A photograph of the seated statue of President Abraham Lincoln at the Lincoln Memorial in Washington, D.C.

Source: Lincoln Memorial (Lincoln contrasty), George F. Maxwell, Wikimedia

Parallel structure, or parallelism, is a type of repetition. It is a pattern of words in which two or more elements of a sentence or paragraph have the same importance. Parallelism is useful because it

Guess what? The bulleted list above is parallel. Each bullet begins with a present tense verb. However, verbs are not the only parts of a sentence that can be made parallel. Subjects, objects, nouns, adverbs, and adjective phrases can also be parallel.

A poster of President Abraham Lincoln’s Gettysburg Address with a picture of President Lincoln at the top of it

Source: Gettysburg Address (poster),
M.T. Sheahan, Library of Congress

To see an example of parallelism, read this passage from the Gettysburg Address.

It is rather for us to be here dedicated to the great task remaining before us—that from these honored dead we take increased devotion to that cause for which they gave the last full measure of devotion—that we here highly resolve that these dead shall not have died in vain—that this nation, under God, shall have a new birth of freedom—and that government of the people, by the people, for the people, shall not perish from the earth.

Look at the blue highlighted section: “of the people, by the people, for the people.” This use of parallelism makes the sentence memorable. When you read this sentence, if you did not remember that Lincoln said it, you probably remembered that you had head it somewhere.

Now, look at the pink highlighted words. Directly or closely following each “that” is a noun or pronoun: “the honored dead,” “we,” “this nation,” and “government.” Although the words following “that” are not strictly parallel with one another, the repetition of this word followed directly or closely by a noun or pronoun gives Lincoln’s speech a rhythm that builds up to the famous “of the people, by the people, for the people” quotation.

In the activity below, click on the sentence in each pair that correctly shows a parallel structure.

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Tomorrow, I am going to eat an egg, a biscuit, and have a grapefruit for breakfast.
Try again.

Tomorrow, I am going to eat an egg, a piece of toast, and a grapefruit for breakfast.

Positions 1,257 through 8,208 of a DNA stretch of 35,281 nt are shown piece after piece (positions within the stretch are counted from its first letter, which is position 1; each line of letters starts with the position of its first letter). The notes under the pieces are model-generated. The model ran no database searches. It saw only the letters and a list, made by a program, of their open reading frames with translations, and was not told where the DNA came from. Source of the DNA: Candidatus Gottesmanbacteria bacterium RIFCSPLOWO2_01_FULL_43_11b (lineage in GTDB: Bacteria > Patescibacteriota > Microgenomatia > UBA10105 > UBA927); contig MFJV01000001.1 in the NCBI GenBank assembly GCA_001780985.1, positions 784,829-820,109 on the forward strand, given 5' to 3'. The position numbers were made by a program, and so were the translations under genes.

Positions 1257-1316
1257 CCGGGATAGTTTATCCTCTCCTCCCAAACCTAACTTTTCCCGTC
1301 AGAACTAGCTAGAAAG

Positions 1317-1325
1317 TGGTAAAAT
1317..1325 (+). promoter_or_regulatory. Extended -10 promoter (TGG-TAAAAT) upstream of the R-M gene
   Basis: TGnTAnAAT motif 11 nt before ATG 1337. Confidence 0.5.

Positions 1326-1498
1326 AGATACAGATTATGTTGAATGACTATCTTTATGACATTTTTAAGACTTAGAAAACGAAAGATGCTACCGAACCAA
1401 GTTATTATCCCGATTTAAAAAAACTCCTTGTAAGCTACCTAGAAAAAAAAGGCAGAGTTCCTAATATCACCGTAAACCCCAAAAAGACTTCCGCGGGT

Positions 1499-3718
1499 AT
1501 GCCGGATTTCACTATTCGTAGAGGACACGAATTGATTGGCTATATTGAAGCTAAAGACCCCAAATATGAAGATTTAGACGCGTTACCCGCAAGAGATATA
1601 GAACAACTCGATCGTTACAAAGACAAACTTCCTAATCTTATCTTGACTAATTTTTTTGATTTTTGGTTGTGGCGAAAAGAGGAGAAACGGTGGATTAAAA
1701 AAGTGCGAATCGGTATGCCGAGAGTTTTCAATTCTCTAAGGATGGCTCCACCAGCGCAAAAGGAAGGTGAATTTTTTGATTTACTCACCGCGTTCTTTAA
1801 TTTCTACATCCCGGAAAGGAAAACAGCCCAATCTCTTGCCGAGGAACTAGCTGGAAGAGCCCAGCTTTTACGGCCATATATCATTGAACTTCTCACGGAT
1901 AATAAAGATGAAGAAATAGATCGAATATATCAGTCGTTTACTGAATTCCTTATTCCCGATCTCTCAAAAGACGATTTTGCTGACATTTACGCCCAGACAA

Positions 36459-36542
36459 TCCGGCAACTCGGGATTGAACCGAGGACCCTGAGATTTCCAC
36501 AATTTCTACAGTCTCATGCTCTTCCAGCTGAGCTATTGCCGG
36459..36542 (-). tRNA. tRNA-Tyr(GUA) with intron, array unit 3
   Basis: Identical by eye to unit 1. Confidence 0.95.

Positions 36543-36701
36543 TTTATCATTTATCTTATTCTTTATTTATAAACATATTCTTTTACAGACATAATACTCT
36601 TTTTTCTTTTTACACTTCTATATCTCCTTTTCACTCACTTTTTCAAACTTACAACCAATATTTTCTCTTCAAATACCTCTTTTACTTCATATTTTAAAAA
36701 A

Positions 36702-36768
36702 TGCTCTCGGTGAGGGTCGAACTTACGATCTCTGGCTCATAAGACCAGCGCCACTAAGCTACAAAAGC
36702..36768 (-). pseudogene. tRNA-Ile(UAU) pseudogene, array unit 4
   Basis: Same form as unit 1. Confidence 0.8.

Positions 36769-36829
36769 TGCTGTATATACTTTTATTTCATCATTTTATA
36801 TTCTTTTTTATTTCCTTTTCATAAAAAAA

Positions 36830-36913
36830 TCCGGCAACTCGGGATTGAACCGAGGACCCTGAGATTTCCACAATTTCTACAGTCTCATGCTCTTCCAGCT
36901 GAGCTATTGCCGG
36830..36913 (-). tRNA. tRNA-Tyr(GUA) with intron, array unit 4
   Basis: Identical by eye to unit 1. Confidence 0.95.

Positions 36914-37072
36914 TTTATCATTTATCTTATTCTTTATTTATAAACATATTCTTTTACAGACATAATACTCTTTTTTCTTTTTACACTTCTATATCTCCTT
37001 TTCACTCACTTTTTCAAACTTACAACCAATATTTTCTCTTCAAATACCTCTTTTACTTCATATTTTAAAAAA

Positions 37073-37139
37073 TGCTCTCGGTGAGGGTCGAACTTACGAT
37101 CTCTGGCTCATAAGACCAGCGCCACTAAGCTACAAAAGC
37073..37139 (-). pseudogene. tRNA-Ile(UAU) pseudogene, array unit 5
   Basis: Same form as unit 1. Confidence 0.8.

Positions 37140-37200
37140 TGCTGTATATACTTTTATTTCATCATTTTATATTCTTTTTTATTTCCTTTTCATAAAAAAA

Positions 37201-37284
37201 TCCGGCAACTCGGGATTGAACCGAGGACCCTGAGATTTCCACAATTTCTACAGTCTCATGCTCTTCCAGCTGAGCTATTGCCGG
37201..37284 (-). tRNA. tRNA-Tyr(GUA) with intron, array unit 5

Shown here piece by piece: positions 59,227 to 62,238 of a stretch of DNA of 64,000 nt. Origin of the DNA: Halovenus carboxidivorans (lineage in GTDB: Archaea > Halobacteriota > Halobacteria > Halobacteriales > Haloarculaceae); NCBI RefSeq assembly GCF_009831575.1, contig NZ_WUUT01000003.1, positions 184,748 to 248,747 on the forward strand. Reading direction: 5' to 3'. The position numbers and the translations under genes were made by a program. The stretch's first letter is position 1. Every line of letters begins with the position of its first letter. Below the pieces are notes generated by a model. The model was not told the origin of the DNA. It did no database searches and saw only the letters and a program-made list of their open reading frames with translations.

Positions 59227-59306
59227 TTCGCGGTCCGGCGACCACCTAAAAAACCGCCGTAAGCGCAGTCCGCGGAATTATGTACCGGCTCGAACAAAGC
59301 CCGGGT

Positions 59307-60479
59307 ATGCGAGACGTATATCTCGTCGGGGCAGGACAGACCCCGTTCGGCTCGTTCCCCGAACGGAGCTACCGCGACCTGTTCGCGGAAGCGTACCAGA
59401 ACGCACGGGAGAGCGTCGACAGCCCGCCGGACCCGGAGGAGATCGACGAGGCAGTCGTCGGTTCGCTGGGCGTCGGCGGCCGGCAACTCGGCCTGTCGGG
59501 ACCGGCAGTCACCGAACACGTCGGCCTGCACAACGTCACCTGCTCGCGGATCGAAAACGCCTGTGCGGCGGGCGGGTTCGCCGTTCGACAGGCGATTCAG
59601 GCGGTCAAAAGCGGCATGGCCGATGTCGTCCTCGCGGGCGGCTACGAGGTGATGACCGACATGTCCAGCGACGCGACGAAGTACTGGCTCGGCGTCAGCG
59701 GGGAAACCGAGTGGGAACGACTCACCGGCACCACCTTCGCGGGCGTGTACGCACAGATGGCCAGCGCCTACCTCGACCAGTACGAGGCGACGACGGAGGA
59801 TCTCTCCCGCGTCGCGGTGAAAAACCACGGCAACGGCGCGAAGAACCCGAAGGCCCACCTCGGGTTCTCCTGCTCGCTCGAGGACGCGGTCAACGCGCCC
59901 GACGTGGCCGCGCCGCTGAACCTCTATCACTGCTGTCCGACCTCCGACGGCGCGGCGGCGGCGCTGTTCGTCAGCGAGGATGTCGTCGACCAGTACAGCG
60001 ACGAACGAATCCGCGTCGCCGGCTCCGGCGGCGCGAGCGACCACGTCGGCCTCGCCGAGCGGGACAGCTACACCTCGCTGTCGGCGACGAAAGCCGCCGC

Studying identified strains of bacteria is easier than trying to identify a new one.
Try again.

Studying identified strains of bacteria is easier than identifying new strains of bacteria.


Jordan is short, heavy-set, and bearded.

Jordan is short, heavy-set and has a beard.
Try again.


The senator’s platform is built on creating a national health system, campaign finance reform, and curbing the national debt.
Try again.

The senator’s platform is built on creating a national health system, reforming campaign finance, and curbing the national debt.


You must either study harder on your own, or it will be necessary for you to get a tutor.
Try again.

You must either study on your own or with a tutor.

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Read the passage below from The Fight by Norman Mailer, which details a boxing match between Muhammad Ali and George Foreman. As you read, click on each example of parallel structure.

A poster of former heavyweight champion Mohammad Ali as a young man. He is wearing boxing trunks and boxing gloves.

Source: StangoAli, John Stango, Wikimedia

take notes icon What effect does Mailer’s use of parallel structure have on the reader? When you are finished, check your understanding to see some possible responses.

Check Your Understanding

Sample Responses:

Mailer’s use of parallel structure creates a sense of rhythm that mimics the rhythm of a boxing match. While he uses some phrases that are perfectly grammatically parallel (some to the head, some to the body), He also breaks the rules a bit (one collided with Ali’s floating ribs, brutal punches, jarring and imprecise as a collision at slow speed in a truck. . .) to more accurately depict the varying rhythms of a real boxing match. This varying rhythm engages the reader in the story and helps him or her imagine what it was like to watch Foreman and Ali fight.